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Study finds oral testosterone therapy undecanoate is effective, with no liver toxicity

Washington, DC March 20, 2021

Safety profile consistent with non-oral testosterone replacement products

An industry-supported study of an oral testosterone replacement therapy (TRT), testosterone undecanoate (TU, Jatenzo) finds it is an effective, long-term treatment for men with low testosterone levels, with no evidence of liver toxicity. The findings are being presented virtually at ENDO 2021, the Endocrine Society’s annual meeting.

TST is currently available in multiple modes of administration, including implantable pellets, transdermal gels and intramuscular injections. “For many men with low testosterone levels, an oral option is preferred to avoid issues associated with other modes of administration, such as injection site pain or transference to partners and children,” said lead researcher Ronald S. Swerdloff, M.D., of the Lundquist Research Institute in Torrance, California. “Before TU was approved, the only orally approved TST in the United States was methyl-testosterone, which was known to be associated with significant chemical-driven liver damage.”

The U.S. Food and Drug Administration approved TU in March 2019, and the medication was made commercially available in February 2020.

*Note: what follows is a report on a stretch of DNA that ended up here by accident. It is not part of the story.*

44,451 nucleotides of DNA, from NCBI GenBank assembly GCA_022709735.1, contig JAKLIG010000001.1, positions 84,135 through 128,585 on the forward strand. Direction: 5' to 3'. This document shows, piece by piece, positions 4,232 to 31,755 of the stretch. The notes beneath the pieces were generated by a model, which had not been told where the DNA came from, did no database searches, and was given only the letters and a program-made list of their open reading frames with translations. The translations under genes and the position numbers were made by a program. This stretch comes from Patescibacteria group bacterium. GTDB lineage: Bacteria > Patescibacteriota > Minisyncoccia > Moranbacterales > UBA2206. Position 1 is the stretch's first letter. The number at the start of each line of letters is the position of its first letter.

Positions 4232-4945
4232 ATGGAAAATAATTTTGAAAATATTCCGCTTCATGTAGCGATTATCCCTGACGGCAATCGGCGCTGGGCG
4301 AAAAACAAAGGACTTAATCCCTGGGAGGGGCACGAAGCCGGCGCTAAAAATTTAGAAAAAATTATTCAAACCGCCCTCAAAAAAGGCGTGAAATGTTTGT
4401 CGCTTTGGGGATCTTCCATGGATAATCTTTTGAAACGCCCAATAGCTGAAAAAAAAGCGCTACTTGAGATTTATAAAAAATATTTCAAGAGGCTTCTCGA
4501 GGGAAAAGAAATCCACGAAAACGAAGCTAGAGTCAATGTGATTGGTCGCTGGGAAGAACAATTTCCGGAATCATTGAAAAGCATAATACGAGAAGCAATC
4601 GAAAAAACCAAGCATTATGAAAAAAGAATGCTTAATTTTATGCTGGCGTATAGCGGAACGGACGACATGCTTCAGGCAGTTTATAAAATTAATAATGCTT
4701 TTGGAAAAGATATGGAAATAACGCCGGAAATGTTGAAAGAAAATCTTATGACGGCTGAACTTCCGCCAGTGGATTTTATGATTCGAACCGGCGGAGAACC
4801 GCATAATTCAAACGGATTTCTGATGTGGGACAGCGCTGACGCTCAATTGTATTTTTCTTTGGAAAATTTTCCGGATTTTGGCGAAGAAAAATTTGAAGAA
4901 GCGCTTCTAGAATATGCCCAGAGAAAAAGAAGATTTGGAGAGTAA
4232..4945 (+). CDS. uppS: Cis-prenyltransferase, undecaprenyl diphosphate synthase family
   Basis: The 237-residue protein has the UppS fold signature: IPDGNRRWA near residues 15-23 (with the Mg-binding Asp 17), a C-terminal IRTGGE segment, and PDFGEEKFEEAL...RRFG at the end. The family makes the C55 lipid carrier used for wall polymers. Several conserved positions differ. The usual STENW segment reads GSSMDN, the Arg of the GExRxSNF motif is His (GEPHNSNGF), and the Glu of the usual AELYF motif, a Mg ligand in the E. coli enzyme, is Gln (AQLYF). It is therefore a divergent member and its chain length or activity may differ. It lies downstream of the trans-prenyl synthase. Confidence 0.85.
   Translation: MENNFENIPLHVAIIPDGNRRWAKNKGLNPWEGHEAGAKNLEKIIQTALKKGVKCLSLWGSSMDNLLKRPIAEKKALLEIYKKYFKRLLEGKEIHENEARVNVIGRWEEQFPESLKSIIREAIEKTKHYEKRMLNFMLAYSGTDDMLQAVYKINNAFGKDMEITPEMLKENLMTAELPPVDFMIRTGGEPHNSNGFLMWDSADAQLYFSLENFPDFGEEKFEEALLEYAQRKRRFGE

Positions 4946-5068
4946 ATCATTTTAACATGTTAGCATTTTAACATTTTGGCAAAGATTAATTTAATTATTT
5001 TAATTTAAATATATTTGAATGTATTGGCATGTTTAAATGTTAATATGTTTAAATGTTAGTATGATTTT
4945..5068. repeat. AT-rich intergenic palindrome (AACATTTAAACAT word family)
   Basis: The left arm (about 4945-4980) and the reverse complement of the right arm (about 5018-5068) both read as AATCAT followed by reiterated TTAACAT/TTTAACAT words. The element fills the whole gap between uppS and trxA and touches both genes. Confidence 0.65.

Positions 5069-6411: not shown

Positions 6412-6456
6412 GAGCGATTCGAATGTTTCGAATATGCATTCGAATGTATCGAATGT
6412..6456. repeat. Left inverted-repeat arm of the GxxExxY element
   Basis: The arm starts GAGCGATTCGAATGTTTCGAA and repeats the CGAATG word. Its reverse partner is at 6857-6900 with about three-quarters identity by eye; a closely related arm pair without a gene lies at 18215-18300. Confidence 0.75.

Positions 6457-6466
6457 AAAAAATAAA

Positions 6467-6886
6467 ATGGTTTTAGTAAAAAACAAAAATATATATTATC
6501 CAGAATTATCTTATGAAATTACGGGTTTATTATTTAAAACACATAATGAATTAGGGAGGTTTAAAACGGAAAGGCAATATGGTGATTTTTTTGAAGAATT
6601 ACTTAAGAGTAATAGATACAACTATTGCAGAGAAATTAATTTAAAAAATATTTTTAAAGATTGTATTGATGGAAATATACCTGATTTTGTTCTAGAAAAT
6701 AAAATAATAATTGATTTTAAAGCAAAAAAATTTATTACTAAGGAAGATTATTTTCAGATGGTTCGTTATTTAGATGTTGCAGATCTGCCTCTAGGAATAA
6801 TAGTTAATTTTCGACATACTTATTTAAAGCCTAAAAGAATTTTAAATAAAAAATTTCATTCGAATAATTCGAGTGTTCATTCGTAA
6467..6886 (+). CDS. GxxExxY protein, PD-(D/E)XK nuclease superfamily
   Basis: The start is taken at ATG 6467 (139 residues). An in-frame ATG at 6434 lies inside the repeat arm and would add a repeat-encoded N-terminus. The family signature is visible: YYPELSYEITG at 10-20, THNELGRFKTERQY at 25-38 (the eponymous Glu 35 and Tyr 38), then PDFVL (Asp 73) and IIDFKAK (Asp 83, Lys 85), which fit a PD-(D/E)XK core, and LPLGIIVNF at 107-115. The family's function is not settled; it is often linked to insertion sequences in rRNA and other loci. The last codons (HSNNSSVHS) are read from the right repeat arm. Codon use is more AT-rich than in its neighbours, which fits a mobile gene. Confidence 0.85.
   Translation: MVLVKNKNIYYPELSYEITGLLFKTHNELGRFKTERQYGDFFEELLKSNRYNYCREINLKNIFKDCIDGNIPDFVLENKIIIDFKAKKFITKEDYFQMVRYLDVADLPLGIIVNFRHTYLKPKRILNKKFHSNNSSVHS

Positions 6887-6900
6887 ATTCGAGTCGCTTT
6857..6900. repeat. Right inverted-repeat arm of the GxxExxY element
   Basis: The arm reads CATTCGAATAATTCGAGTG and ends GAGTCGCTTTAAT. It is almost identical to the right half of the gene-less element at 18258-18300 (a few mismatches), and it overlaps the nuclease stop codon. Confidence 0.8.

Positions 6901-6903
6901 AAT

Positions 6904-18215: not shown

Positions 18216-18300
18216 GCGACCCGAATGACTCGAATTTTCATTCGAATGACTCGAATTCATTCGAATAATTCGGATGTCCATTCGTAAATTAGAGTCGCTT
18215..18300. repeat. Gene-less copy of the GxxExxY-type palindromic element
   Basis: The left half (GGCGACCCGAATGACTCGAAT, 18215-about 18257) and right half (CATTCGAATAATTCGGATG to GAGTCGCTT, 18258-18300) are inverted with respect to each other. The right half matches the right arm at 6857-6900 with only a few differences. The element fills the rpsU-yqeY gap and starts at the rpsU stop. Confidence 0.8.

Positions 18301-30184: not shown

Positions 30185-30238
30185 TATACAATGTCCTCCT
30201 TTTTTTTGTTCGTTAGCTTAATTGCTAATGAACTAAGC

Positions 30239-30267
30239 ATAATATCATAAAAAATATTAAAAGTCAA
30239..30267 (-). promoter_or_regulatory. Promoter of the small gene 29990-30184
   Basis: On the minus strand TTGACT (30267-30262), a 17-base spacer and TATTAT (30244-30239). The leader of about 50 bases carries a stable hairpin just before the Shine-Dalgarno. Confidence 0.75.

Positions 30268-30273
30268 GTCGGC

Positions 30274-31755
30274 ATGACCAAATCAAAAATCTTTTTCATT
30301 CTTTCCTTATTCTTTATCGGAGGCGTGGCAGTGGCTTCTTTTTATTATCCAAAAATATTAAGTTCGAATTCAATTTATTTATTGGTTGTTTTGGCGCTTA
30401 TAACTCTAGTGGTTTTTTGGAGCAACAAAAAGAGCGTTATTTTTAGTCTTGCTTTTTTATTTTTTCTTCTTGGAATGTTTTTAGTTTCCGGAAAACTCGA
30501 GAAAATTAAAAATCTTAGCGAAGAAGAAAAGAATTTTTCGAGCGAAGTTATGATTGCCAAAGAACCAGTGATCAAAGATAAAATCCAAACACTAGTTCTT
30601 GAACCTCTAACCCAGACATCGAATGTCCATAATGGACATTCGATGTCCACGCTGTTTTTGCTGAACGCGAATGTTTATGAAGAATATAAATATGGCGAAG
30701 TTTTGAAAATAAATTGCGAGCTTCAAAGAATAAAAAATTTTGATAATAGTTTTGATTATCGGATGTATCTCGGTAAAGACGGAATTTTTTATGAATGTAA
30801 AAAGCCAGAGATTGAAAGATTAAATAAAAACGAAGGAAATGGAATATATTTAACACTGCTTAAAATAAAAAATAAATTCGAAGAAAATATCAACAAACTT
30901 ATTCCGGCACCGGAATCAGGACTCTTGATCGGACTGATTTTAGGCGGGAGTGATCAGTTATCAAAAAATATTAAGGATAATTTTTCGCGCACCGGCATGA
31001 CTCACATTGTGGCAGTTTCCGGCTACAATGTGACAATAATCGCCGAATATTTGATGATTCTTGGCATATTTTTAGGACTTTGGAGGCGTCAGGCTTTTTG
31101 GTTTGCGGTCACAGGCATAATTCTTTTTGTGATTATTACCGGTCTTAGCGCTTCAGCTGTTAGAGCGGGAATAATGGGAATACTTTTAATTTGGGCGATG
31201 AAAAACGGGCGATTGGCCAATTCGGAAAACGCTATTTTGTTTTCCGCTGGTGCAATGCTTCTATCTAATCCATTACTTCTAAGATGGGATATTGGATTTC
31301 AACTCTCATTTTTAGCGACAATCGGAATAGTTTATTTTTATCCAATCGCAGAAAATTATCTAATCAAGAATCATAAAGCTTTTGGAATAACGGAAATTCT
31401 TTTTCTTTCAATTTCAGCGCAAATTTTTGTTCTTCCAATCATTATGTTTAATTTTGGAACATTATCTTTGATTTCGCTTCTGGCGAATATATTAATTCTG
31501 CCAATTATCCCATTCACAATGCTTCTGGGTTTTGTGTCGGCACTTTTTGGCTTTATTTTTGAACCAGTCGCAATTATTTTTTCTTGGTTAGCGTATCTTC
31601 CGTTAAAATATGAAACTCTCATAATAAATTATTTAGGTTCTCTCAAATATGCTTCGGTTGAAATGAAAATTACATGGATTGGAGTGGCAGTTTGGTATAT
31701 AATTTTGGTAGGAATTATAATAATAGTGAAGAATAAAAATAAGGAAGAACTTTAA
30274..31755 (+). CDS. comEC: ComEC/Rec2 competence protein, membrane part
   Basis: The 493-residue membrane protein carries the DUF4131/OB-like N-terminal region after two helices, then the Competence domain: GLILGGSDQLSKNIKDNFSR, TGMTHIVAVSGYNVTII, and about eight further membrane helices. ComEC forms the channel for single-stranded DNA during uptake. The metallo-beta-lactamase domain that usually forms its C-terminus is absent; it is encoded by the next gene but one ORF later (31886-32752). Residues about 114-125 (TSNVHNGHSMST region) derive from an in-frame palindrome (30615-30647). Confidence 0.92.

Swerdloff conducted a safety and efficacy analysis following two years of TU oral capsule administration in men with low testosterone levels. There were two parts of the study. The first study included men ages 18 to 75 with low testosterone levels who were followed for 12 months. After the first year, 86 men enrolled in the second study, which lasted for another year.

Over two years, TU kept total testosterone levels in the normal range, with a safety profile relatively consistent with other approved testosterone products. There was no evidence of liver toxicity. There were small but statistically significant increases in prostate specific antigen (PSA), a protein produced by the prostate, and hematocrit (HCT), which measures red blood cell levels. Swerdloff noted these increases are observed with other forms of TST, regardless of modes of administration. The drug had minimal effects on LDL “bad” cholesterol, while lowering HDL “good” cholesterol, as is common with other TRT formulations.

“Our study finds TU is an effective oral therapy for men with low testosterone levels, and has a safety profile consistent with other approved testosterone products, without the drawbacks of non-oral modes of administration,” Swerdloff said.

Clarus Therapeutics supported the research.


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Colleen Williams Manager, Public Relations Phone: (202)-971-3611 [email protected]

Jenni Glenn Gingery Associate Director, Communications and Media Relations Phone: (202)-971-3655 [email protected]

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